In the eyes of AP 1, the client 2 is not a wifi device but just another address on the wire.
In the eyes of AP 2, the client 1 is not a wifi device but just another address on the wire.
Now add your primary router to the network by connecting an actual wire, and add a printer by wire as well.
How would AP 1 know its wifi connected client 1 is allowed to connect to both, router and printer on the wire, but not to client 2, which is just on the wire as well?
Client isolation goes like:
Traffic from wifi to wire is allowed because wifi clients need to access the router.
Traffic from wire to wifi is allowed because wifi clients need to receive the routers responses.
Traffic from wifi to wifi is denied
Traffic from client 1 to client 2 hits rule 1 on AP 1, so it gets allowed on AP 1. And it hits rule 2 on AP 2 so it gets allowed on AP 2. Response traffic from client 2 to requests from client 1 hit rule 1 on AP 2 so it gets allowed on AP 2, and it hts rule 2 on AP 1 so it gets allowed on AP 1. Which makes 4 rules on 2 APs, all allowing this very traffic.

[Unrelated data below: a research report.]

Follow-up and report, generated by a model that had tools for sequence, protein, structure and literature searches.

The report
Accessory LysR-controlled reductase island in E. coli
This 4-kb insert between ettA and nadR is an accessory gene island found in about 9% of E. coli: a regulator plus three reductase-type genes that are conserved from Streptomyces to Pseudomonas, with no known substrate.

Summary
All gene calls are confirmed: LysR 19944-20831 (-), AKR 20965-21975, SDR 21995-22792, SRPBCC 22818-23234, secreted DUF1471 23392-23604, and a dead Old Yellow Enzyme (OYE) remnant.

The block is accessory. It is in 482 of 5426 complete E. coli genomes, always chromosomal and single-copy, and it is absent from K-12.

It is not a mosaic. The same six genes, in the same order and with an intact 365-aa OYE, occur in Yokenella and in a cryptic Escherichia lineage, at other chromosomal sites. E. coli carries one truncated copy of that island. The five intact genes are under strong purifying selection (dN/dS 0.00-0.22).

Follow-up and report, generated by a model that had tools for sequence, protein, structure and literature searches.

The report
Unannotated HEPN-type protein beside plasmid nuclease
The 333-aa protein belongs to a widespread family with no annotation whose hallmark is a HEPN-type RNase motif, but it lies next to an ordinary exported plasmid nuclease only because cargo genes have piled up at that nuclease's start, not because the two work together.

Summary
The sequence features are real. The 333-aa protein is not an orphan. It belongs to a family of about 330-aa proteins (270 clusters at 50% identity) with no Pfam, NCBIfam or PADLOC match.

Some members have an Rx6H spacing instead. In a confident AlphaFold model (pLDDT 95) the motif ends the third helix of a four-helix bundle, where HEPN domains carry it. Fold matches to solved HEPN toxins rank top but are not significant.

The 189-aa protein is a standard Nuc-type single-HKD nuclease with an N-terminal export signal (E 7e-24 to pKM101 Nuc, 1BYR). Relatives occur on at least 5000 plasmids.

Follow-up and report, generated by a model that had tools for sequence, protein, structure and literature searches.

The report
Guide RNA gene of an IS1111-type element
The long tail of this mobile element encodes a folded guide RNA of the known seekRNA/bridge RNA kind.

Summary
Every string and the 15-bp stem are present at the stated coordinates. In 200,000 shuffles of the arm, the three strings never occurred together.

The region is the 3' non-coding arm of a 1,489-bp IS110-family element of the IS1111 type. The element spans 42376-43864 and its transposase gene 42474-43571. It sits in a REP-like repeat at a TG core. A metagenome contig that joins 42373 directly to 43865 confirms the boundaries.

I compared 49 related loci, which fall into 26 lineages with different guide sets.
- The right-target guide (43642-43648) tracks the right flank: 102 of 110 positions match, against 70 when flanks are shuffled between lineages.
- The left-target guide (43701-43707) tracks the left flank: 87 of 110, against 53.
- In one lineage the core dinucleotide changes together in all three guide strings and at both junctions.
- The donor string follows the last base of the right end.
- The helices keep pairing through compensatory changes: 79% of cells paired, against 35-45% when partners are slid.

You might get away with those rules on both APs:
Allow traffic to the routers MAC address
Allow traffic from the routers MAC address
Allow broadcast traffic that goes to the wire
Block everything else
I don't know if this really works and
since you need to type in the MAC address of your router in both of your APs, this won't be a checkbox thing.
this requires you to actually whitelist every wired MAC address in your guest network, otherwise wifi clients won't be able to access them.